The world was different for a woman in the 19th century. There was housework to be done, meals to be cooked, and sewing was a highly-regarded skill. Nowadays, we can't imagine our lives without sewing machines. So consider how tedious it was to patch a hole, mend a seam, fix a hem, sew a garment, everything... done by hand.
Enter this odd-looking invention by Charles Waterman in 1853.
This early rendition of a sewing device looks nothing like the Singer in your crafts room today. It resembles more of a small side table with... a bird on it. The "sewing bird" as it was called, was an improvement on existing iron clamps, which were often used to hold one end of the fabric while it was hemmed or embroidered. When the upper and lower tail ends were pinched together, the beak opened, allowing fabric to be fed into it. And when the tail is released, the beak closes on the fabric, holding it securely for a seamstress to pull it tautly for sewing work to be done. The tool was made from brass, iron, or steel, and it sometimes came with special features including velvet-covered cushions, emery balls to sharpen needles, drawers, thread reels, and more.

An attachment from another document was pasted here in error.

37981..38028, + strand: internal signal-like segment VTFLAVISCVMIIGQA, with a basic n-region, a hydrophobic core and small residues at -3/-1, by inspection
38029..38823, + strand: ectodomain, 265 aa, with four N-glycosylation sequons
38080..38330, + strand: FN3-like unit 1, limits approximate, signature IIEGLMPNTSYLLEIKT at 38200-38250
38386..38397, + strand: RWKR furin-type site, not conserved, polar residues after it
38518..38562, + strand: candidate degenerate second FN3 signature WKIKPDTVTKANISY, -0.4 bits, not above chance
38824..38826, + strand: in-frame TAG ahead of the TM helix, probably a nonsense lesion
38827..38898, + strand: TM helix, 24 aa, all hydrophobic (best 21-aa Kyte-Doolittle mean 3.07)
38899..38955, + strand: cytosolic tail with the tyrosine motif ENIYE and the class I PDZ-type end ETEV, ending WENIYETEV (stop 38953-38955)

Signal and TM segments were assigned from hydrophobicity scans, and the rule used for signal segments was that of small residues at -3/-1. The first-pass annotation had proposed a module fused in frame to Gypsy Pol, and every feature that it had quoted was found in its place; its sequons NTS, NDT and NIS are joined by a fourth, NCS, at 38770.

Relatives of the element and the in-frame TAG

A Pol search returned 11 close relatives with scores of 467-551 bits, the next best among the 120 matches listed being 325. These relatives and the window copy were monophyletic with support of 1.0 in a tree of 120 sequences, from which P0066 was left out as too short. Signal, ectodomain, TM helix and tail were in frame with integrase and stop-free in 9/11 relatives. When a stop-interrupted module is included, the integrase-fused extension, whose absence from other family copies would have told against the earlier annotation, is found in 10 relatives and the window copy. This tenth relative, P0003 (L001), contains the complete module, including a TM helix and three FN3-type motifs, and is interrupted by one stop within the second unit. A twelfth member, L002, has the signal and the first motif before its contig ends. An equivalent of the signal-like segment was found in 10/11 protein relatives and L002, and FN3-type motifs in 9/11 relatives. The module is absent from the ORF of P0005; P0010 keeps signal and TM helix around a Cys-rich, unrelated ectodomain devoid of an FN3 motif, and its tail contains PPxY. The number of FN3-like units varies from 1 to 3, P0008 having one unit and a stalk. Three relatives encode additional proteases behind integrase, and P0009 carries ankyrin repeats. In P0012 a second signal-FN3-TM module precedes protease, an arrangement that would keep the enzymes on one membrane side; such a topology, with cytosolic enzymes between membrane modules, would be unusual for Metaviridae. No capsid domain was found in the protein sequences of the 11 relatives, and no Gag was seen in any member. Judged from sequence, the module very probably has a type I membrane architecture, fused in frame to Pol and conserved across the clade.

The original patent was dated Feb. 15, 1853 and granted to Charles Waterman of Meridan, Connecticut, for a "feathered bird upon the wing, bearing a burden upon its back." According to Waterman's daughter, "he wanted to make sewing a little easier for the ladies." (Thanks, Charles.) Variations of the sewing bird continued to be made by Singer Sewing Machine Co. until the 1980s.
And here's an interesting fact: A man would give a "sewing bird" to a woman he admired as a token of his love, and so the woman would think of him while sewing. (We have to admit, as much as we love crafts, we're relieved this is no longer the case.)
Feeling inspired? Here's how to make a sweet paper craft inspired by an antique token of affection: the puzzle valentine.